For Dylan Weitzman and Brandon Carpenter’s company, Thor ORE, the third time was the charm. After three years of applying for the UCF Joust New Venture Competition and failing to reach the final round, Thor ORE beat out the competition Wednesday to take home first place, a $12,000 check and more than $50,000 in business services.
On a Shark Tank-style stage with a panel of professional judges and in front of a live audience of more than 200 people, UCF senior Weitzman pitched his plan to mine and recover precious metals from contaminated lands and waste.
The two co-founders have collectively competed in dozens of entrepreneurship competitions and their persistence is what they believe sold the panel of expert judges on Thor ORE’s business model.
“We have plenty of experience in rejection and getting yelled at,” said Weitzman, a physics major. “We’ve been, basically, laughed at before on stage. So now we know how to present ourselves.”
Weitzman and Carpenter plan to use the competition winnings to expand Thor ORE’s mining operation in Alabama. The company’s appeal, according to Carpenter, lies in its proprietary extraction technology, which allows for eco-friendly mining of smaller, previously inaccessible amounts of gold.
“Eighty percent of gold exists at the atomic level,” said Carpenter, Thor ORE’s vice president of production. “Our competitors are going after the twenty percent they can see. We’re going after the eighty percent they are leaving behind.”
The Joust is UCF’s premier startup showcase event hosted by the UCF College of Business’s Center for Entrepreneurial Leadership and featuring students of all majors. This year’s event was held at the Morgridge International Reading Center on campus. Competitors present their models for a viable business venture and compete to win money and other resources to pursue their venture.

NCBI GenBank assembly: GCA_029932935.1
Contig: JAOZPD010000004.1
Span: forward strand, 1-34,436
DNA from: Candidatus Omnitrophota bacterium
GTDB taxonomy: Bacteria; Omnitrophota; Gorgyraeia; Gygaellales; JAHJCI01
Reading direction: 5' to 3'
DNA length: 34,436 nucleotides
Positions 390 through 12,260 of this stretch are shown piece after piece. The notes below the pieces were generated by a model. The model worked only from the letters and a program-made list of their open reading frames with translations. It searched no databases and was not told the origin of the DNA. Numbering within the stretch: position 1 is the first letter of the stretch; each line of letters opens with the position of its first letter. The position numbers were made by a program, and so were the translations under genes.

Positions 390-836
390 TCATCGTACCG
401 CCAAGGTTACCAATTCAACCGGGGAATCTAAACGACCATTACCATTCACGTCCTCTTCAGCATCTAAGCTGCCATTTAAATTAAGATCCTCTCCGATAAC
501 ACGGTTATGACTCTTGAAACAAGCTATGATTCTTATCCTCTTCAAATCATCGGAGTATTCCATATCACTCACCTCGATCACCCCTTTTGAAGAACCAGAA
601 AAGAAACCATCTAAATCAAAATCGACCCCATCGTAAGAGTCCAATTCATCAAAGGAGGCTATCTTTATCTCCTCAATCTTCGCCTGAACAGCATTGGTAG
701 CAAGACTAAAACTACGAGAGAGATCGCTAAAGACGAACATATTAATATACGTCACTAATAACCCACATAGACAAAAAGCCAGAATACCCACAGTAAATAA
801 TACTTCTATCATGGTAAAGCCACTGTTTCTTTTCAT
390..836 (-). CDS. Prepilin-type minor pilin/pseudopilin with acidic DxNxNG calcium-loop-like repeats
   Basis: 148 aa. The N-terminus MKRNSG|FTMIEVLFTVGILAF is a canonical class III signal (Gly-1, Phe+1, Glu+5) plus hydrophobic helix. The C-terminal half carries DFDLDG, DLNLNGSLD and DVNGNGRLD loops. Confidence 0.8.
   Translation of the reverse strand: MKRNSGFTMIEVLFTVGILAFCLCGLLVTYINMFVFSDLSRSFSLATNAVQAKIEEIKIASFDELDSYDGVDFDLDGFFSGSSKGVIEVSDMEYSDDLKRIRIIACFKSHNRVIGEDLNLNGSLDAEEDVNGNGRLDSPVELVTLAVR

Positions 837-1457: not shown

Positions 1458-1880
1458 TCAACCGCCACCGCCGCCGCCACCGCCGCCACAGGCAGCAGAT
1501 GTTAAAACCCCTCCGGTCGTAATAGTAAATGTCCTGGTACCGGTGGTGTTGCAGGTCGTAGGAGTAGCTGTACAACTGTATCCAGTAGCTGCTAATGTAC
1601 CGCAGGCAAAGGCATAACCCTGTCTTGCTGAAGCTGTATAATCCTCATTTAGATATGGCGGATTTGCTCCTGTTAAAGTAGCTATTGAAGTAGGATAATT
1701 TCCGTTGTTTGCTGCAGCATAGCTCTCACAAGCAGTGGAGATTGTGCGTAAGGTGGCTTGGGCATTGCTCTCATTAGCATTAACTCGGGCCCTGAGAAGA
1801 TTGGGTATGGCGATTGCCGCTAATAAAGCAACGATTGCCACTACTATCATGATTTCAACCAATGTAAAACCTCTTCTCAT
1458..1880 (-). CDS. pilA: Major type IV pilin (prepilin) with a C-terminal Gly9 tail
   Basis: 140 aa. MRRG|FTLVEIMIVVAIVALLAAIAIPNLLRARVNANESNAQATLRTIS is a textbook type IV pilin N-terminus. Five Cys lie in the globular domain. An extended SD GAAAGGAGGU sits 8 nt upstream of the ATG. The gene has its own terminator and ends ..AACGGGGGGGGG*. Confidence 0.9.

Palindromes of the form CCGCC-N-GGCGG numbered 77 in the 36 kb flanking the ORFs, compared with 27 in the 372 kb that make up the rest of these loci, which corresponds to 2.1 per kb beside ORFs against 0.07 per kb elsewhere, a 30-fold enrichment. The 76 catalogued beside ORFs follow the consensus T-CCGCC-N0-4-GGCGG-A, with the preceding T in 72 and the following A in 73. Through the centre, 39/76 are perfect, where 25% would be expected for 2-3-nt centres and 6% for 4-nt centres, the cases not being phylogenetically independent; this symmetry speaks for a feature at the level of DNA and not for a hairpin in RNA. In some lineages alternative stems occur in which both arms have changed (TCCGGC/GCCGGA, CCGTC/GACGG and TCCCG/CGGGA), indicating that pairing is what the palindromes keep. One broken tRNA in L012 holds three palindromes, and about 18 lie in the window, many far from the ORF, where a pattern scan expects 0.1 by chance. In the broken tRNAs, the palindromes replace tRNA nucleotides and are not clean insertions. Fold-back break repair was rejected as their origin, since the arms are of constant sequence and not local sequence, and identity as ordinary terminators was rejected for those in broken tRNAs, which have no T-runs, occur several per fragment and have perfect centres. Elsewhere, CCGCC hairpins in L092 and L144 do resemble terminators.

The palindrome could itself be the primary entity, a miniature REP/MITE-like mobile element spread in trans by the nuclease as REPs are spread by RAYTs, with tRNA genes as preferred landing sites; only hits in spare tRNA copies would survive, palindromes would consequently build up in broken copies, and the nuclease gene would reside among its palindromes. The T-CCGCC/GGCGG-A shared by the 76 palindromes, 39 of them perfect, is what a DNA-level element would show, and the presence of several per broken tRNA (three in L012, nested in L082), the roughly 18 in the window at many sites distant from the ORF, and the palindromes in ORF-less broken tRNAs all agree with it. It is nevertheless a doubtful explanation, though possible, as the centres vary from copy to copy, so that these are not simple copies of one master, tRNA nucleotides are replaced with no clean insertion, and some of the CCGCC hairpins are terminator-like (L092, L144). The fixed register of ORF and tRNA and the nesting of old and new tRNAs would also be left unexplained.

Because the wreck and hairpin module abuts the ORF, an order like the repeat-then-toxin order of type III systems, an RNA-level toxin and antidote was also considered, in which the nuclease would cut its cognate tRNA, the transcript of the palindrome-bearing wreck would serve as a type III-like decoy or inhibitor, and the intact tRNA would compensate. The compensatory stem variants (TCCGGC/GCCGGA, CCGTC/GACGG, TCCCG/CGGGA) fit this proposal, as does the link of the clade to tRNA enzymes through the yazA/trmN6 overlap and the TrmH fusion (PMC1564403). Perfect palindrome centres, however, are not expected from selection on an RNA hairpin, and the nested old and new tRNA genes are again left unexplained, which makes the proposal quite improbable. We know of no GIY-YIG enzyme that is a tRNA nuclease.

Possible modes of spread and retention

“I’m really proud of the Joust contestants this year,” said Cameron Ford, director of the UCF Center for Entrepreneurial Leadership. “I’m especially proud of Dylan, our grand champion. He has coached students at the Blackstone LaunchPad for three years and it’s really exciting to see him take what he has learned from coaching others and apply those lessons to his own venture.”
Ford said the judges pointed out how viable each of the competing proposals could be and commented on the excellent level of preparation by every student involved.
The Joust runners-up were Mason Mincey, Derek Saltzman, Gerardo Diaz-Silva, Garrett Hausman and Matthew Jaeger with SOAR Aerospace, a company that produces sleek, stylish, customizable and quality high-speed drone frames. They took home $7,000.
Shane Singh, Shi Hao Zhang, Akash Gajjar and Shivkumar Kaushik Murthy earned third place and $4,000 for their company, S Star Technologies, and its state-of-the-art respirator. Miracle Care Responders and the team of Jean Saint Jean and Ladeen Taylor ranked fourth for their idea to train, license and find jobs for Certified Nursing Assistants. They took home $2,000.
The students’ new-business-venture proposals were assessed by a panel of expert professionals representing a wide range of corporate partners, local businesses and alumni. This year’s judges were Carrie Callahan, ’94, managing partner at Galliard Capital Management; Sean Hayes, ’95, vice president of Business Development at Voloridge Investment Management; Mathy Hogan, ’87, executive vice president of administration at FAIRWINDS Credit Union; Charles Jorge, ’89, president and CEO of Premier Assurance Group; Patrick Vaughn, ’80, co-founder of Trivium Asset Partners, and Vince Virga, ’95, co-founder and CEO of SkillStorm.
This year’s presenting sponsors were Steve Felkowitz ’79, Jim Balaschak ’86 ’92, and Debbie Balaschak ’88. Additional sponsors included Burr+Foreman, DigiThinkIT, Anidea Engineering Inc., BDO, Nperspective LLC and Volo Foundation.